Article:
AP: Is It News When the Majority is in the Minority?

September 9th, 2005 8:52 PM

Seeking to extol the virtues of ‘diversity’ and bemoan the lack of same on campus, Michelle Locke of the Associated Press gives us a story titled, “Blacks Still a Minority at UC Berkeley.” She writes:

This fall's incoming class of 4,000 students at the University of California, Berkeley is expected to include just 129 black freshmen, a disturbing trend to leaders of the socially progressive and academically elite school.

The piece then goes on to discuss not only the lack of black freshmen (about three percent), but also Hispanics:

The number of black freshmen this fall is slightly higher than last year but still an extreme minority. About 11 percent of the 4,000-student class will be Hispanic -- well out of step with a state where Hispanics make up about 30 percent of the population.

To her credit, Locke quotes Ward Connerly, brave opponent of racial quotas:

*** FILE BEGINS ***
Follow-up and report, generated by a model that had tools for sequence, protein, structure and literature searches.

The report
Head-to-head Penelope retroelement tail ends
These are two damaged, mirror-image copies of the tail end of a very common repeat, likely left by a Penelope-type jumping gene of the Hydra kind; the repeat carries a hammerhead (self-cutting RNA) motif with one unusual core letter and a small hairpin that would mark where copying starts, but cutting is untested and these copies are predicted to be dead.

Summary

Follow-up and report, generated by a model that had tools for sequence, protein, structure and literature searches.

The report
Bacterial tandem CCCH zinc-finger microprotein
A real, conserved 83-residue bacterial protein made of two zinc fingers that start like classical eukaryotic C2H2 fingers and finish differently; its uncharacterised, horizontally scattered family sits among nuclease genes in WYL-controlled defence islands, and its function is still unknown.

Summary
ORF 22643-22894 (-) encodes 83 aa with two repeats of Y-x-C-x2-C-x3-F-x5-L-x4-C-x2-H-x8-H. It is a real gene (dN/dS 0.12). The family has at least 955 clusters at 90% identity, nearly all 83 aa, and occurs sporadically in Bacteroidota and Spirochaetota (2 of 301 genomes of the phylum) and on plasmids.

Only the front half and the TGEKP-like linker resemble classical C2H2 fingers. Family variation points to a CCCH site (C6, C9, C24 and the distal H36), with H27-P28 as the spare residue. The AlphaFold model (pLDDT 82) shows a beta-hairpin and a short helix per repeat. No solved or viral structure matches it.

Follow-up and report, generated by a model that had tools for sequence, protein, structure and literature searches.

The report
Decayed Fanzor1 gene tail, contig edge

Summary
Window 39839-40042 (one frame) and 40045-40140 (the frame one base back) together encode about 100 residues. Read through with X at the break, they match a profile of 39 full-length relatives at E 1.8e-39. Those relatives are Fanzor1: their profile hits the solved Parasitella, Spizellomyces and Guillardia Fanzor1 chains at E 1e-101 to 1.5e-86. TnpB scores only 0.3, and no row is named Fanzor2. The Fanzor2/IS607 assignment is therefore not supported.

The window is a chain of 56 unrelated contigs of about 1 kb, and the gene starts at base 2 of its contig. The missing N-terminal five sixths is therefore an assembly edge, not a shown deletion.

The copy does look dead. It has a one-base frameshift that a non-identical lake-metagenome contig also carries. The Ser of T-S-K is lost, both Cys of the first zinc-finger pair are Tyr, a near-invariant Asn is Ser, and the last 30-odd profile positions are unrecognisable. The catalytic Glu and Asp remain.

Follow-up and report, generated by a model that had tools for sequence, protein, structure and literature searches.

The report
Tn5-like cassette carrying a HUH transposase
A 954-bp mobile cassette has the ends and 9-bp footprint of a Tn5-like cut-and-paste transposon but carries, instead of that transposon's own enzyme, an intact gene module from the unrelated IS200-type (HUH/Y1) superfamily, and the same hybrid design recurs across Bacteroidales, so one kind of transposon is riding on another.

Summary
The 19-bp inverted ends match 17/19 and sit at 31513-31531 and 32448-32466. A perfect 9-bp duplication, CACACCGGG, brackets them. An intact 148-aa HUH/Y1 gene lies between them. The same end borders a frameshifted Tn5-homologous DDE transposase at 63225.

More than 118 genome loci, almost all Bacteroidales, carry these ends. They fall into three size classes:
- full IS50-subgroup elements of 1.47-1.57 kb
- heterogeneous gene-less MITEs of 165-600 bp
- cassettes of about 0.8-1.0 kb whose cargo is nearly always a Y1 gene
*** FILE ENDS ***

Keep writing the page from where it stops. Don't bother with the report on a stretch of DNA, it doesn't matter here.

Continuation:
"I just don't understand why certain people have gotten themselves all worked up about who gets to go to Berkeley and UCLA as if that's the only path to a successful life in California, because it is not and the evidence is abundant that it is not."

But UCB Chancellor Robert Birgeneau goes on to explain:

The expected freshman class at Berkeley will be about 47 percent Asian-American. Birgeneau says "we all should be extraordinarily proud of" that achievement, but the success needs to spread to other groups.

Which “other groups” they need for success apparently don’t include whites. It doesn’t take a UCB education to figure out that the total of incoming minority students is over 60 percent. So in Berkeley County, where whites make up 68 per cent of the population, only 40 per cent of incoming freshman are white.

Sounds like that’s news to me. But the word ‘white’ is mentioned nowhere in the article but is alluded to in this back-handed comment:

UC schools promise an excellent education and "it's simply impossible to provide that excellence if the student body is so lacking in diversity that graduates are unprepared to lead in a diverse world," said Christopher Edley, dean of UC Berkeley's Boalt law school

Someone should explain to Edley and the rest of the folks at UCB that the “diverse world” includes whites too.